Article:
It is bewildering and to some degree it illustrates a comedy of stupidity of human nature. Who is to blame? It is unfathomable how Islam has mutated humans into one the most evil and cruel creatures imaginable on earth.

Sep 6, 2018

Kisisi's Pidgin Language Is Not Unique

I recently began to read Perry Gilmore’s book, Kisisi (Our Language): The Story of Colin and Sadiki. It is a kind of autoethnography as well as linguistic case study and a memoir. In the prologue she tells the story of his son Colin and his playmate Sadiki, a Samburu boy in Kenya and how their unique and prosperous relationship led them to create their own private language, which was called a Swahili pidgin. She says that her book is an ethnographic exploration of young children’s ability and creativity in creating a language of their own.
by Perry Gilmore

In chapter three (I skipped the first two chapters, which I might return later) Gilmore discusses the role of play in her son Colin and Sadiki’s creative ways of communication. On page 37 she claims that the “play served as a space and a resource for the inventive verbal activities that generated their shared language." Gilmore goes into details how Colin and Sadiki created a lexicon for scatological artifacts, which to some degree influenced by sound play and onomatopoeia. She quotes Sutton-Smith who has suggested that play and fantasy are ground of generating new ideas that can even be used for later purposes. In the case of Colin and Sadiki, the entertainment aspect of their lives led them to linguistic invention in which the two could easily communicate.

This is interesting, but I personally didn’t find this English-Swahili-based creole something impressive or unique in a way that the author illustrates. In fact, this kind of creole is pretty common in developing countries, especially in societies with material deprivation. Further, this could happen anywhere in the world where the average household consists of at least five or six people. In such environment, rivalry among siblings are common and this is where children becomes creative. In order to compete with their siblings – even with their parents – over resources and positions, they devise new languages for communication.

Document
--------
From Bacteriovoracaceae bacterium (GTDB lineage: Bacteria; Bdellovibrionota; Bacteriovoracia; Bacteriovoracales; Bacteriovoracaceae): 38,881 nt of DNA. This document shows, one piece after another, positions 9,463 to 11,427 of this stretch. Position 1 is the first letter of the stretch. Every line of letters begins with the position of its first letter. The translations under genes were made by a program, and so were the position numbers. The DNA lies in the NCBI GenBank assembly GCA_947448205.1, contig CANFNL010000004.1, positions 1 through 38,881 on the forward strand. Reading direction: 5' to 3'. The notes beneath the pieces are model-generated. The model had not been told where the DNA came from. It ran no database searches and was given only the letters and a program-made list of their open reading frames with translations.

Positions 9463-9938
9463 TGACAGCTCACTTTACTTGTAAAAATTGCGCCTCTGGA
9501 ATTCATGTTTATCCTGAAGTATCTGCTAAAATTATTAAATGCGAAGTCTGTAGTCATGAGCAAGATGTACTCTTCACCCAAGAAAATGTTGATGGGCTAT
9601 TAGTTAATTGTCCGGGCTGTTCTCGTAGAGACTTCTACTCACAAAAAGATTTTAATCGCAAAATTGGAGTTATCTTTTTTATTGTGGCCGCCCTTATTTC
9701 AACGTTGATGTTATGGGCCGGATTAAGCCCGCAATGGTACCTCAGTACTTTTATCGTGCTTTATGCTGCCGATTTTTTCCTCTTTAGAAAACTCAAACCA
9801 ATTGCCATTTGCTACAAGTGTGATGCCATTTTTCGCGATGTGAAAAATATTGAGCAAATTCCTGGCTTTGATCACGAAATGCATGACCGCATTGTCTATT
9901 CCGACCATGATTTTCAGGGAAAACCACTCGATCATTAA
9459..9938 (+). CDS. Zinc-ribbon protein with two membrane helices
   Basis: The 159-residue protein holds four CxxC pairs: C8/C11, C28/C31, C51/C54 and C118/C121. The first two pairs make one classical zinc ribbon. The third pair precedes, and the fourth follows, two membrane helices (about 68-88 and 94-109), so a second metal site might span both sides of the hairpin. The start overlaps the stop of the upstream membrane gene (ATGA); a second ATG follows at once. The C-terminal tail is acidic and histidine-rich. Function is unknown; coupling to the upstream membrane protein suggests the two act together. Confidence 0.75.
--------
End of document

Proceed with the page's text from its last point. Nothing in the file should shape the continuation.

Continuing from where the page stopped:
I personally remember when I was very young, my brothers and I invented a language that was only apprehensible for us in the household. We were bitten a couple of times by older siblings and even by our parents for not talking the language that was spoken in the house. We were accused of speaking in the language of djinn and told us that the we would bring curse or spell hex on others.

Inventing creole was not unique to us, it was actually pretty common among children in our my village. When we were forced to quit speaking our pidgin language, we came up with a new idea. In our clique we decided to speak our native language Hazaragi (a subdialect of Farsi) backward. We became so fluent that we did not see the need to switch back to normal, but when necessary.

So, the quesiton is why children of third world countries are able to create languages of their own and children in the modern world, let’s say the Western world, are not able to be that creative?
Well, the answer is very straightforward. As I mentioned earlier, the family size matters. We were eight siblings and had nothing to do at the house except fighting all the time, but never stayed inside. We left the house at the crack of dawn and returned when it was really dark. During the day no one needed us or came after us. We used to spent most of our time playing, climbing on trees, finding foods in the nature, sometimes even stealing fruits from trees of farmers. We were out with other children in the playgrounds, on the farm and in the mountains, we were experiencing our ultimate freedom. There was no adult watching us and telling us what to do and what not to do. We had nothing but to come up with something new and language was one of them. In order to be unique and keep our schemes secret, we invented language. No one was interested in our speech and when we grew up, we gave up once and for all. It is I personally still can speak my native language backward. I tried with my sister, she was surprised.